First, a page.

Agency Denied: “Go in to my servant; it may be that I shall obtain children by her.” (Gen. 16:2)

To modern readers, one of the most problematic elements of Hagar’s experience is the way that her autonomous agency is rejected by Sarah and Abraham (at this point, Sarai and Abram), those who have power over her as her masters. Genesis 16 takes place years after Abraham is promised by Yahweh to become the father of a great nation (Gen. 12:2), and yet we are told that he and Sarah have been unable to conceive even one child together. Sarah appears to assume that this is due to her barrenness, and she therefore tells Abraham to try to impregnate her Egyptian slave, Hagar.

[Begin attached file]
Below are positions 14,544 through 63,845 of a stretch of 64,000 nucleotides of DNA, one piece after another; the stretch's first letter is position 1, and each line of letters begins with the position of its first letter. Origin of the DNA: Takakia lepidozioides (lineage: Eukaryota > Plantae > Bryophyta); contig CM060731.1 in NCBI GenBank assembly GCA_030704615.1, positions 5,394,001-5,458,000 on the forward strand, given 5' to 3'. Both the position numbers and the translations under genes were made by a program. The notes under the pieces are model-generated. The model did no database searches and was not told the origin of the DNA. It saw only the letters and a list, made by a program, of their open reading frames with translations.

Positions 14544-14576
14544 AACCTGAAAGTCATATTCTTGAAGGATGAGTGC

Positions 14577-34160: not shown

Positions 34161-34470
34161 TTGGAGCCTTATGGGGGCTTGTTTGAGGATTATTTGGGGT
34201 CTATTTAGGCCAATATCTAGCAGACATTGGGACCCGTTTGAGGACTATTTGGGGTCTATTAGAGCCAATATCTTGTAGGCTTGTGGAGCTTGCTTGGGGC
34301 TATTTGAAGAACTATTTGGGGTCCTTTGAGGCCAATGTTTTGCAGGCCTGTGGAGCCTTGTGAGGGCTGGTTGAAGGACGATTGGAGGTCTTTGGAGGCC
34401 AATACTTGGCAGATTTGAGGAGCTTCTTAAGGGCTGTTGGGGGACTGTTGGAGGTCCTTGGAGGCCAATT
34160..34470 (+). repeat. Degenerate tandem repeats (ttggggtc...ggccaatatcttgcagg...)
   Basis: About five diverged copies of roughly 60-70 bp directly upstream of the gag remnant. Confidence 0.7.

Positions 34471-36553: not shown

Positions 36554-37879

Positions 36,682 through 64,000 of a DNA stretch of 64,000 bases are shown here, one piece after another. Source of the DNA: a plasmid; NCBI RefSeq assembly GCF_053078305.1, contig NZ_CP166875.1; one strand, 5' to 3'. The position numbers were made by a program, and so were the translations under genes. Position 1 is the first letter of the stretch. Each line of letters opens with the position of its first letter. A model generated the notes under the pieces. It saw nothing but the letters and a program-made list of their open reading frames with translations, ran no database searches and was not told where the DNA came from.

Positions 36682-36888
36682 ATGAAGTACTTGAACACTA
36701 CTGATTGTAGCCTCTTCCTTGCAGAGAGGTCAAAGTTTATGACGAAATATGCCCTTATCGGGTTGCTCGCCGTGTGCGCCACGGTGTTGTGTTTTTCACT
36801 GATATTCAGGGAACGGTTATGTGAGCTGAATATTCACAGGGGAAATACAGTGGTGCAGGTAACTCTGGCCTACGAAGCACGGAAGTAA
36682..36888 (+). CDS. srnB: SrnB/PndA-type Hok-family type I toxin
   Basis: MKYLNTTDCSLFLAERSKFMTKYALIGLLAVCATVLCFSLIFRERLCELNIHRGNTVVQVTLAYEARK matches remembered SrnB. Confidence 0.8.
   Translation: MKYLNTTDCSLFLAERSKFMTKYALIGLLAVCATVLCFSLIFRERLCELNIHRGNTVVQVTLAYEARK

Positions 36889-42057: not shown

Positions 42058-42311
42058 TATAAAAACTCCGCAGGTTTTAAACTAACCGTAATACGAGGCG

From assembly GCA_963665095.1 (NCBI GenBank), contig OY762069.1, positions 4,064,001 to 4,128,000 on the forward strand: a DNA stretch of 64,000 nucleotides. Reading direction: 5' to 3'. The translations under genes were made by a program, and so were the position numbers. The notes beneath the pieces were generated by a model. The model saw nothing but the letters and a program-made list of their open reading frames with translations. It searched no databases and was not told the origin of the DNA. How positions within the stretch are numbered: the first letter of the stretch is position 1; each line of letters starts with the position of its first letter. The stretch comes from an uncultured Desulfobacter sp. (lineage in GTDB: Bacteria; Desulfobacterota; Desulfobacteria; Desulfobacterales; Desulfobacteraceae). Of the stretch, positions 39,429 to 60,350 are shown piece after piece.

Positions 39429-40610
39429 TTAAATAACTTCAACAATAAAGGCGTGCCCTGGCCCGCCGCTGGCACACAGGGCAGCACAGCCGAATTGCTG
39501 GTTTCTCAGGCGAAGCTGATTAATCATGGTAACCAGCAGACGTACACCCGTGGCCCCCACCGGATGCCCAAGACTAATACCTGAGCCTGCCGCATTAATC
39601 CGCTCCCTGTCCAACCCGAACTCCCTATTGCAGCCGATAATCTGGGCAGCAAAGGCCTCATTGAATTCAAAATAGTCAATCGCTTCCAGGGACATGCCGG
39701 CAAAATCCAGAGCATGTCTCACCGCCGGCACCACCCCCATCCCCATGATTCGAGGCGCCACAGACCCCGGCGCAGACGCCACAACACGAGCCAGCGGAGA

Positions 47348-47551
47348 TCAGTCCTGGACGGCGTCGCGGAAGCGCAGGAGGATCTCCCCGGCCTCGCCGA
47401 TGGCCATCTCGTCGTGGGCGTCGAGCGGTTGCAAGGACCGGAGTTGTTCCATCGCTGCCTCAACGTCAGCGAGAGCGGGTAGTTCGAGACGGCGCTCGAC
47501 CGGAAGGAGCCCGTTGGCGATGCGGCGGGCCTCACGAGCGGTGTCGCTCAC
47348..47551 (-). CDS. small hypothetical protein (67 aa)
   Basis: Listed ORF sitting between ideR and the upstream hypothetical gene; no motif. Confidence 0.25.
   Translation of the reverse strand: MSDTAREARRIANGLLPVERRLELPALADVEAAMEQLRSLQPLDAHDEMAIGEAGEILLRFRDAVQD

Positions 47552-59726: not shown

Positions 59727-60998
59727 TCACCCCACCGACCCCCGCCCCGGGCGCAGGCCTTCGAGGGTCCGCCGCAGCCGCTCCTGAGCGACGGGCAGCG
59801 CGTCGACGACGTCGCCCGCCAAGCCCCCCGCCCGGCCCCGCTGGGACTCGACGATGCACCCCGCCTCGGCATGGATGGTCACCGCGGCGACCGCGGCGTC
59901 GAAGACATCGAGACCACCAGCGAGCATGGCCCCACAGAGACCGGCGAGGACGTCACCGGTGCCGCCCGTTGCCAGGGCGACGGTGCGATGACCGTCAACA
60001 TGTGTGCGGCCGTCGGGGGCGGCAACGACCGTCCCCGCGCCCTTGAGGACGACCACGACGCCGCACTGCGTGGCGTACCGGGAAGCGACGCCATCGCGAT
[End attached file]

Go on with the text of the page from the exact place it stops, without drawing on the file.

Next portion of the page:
A contemporary perception would see even this, the suggestion to allow for polygamy or at least surrogacy, as a morally questionable event in the narrative; however, to ancient Israelite readers, this would not have been the case. Because of the critical need for children, particularly sons, in order for families to carry on, the use of a concubine serving as a surrogate for barren wives was not seen as scandalous, but functional, and it was commonplace for families wealthy enough to own female slaves who could fulfill the role. For this reason, Sarah’s suggestion should not be seen as anything beyond the realm of culturally accepted practices at the time, and the potential arguments regarding the extreme measures taken by using a surrogate are rendered inappropriate here.